By Andrea Cordle
Grove City Council rejected a plan that would have redeveloped 32 acres of the former Buckeye Ranch Equestrian Center site.
At the Sept. 3 meeting, council voted down a preliminary development plan by BBR Ventures to create Bluegrass Park, located west of Hoover Road and north of Quail Creek Boulevard.
According to Donald Plank, an attorney representing the developer, the plan would have been to include four subareas at the site that would feature multi-family housing, an assisted living center, a possible daycare facility as well as office space and medical space. The multi-family housing aspect would include approximately 240 apartments.
Plank said the apartments would cater to the young professional who ideally would work at Mount Carmel Grove City.
“Young people want to be able to walk or ride a bike to work,” said Plank.
Plank said he and his clients met with staff at Mount Carmel Grove City and they were in support of offering housing closer to the hospital for the employees.
Council rejected the proposal with a 3-2 vote.
Council President Steve Robinette said that location is not the place for that volume of housing.
“The proposal would go further with more of a business aspect,” said Robinette.
Councilman Ted Berry agreed and said there was not enough commercial development in the proposal for his support.
“I don’t see the forward thinking in the plan,” said Berry. “I don’t think the plan maximizes the space.”
Grove City Development Director Kyle Rauch said the preliminary development plan met the standards set forth in the Grove City 2050 Community Plan.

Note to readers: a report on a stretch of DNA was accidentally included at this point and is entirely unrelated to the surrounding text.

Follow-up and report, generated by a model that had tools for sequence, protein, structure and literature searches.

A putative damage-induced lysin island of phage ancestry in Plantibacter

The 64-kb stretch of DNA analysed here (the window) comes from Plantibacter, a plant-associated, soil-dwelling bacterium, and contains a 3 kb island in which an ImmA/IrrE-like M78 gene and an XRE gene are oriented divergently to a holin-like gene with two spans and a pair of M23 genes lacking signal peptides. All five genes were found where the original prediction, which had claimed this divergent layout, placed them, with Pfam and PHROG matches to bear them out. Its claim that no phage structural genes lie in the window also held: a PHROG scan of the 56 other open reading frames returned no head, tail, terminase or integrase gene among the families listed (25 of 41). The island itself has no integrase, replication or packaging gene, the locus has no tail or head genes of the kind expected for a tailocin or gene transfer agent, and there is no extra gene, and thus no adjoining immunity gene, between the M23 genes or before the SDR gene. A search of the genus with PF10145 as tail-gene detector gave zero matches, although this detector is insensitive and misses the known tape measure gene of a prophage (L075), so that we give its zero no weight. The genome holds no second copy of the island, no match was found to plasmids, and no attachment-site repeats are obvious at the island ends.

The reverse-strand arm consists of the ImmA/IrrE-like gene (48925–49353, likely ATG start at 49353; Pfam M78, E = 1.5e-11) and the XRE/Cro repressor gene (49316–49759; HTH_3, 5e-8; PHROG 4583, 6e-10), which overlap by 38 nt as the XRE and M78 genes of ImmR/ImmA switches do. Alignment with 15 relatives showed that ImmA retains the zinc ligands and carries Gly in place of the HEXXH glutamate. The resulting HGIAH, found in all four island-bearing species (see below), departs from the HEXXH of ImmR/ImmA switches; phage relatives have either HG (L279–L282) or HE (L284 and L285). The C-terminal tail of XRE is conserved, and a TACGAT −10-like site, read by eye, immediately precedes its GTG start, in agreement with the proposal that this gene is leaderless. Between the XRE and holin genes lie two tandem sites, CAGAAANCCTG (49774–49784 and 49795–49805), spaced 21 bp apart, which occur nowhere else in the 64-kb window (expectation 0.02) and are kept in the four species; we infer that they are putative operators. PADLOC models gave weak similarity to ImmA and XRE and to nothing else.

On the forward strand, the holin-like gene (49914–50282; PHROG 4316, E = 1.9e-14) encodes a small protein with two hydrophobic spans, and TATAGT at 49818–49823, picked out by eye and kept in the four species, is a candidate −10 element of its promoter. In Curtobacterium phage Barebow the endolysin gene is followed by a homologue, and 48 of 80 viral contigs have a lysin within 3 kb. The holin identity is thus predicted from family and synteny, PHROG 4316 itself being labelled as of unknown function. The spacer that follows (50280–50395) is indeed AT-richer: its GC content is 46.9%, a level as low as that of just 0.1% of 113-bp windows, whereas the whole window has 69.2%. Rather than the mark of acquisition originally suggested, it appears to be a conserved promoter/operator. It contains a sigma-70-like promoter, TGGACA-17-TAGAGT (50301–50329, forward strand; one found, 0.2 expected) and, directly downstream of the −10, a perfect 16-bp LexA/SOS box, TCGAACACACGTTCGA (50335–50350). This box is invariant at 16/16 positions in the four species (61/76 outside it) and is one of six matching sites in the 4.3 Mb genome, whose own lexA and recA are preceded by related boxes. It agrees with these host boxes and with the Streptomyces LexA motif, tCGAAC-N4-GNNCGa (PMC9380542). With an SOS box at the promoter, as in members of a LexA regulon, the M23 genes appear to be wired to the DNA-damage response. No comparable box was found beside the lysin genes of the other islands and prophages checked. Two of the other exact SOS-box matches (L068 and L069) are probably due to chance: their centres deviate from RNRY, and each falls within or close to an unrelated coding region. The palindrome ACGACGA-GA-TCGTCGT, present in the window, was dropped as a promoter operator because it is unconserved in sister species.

In 2018, the city adopted Grove City 2050 to serve as a guide for future development. When a proposal comes before council, city staff must look at if the development maintains the city’s small-town character while bringing employment opportunities.
Robinette said he failed to see how a mostly residential plan would create jobs.
According to the proposal, the plan would have created an estimated 350 jobs in the city.
According to Grove City 2050 guidelines, a development plan must also provide connectivity to improve the function of the street network and create safe opportunities to walk and bike.
Rauch said this plan would have opened streets that would be critical to connecting the roadway to Interstate 71. With the development plan, two public streets were anticipated that had the potential for future extension. One of the roads would connect with Hoover Road at Birch Bark Trail and another road would be included to the south.
City staff has drafted a plan that would include roadway improvements on the west side of Interstate 71 and another overpass over 71 to create an east/west connection point from Hoover Road.
Rauch believes that plan would open further development opportunities adjacent to Mount Carmel Grove City.
The developer may modify the plan and resubmit another preliminary development plan for council approval.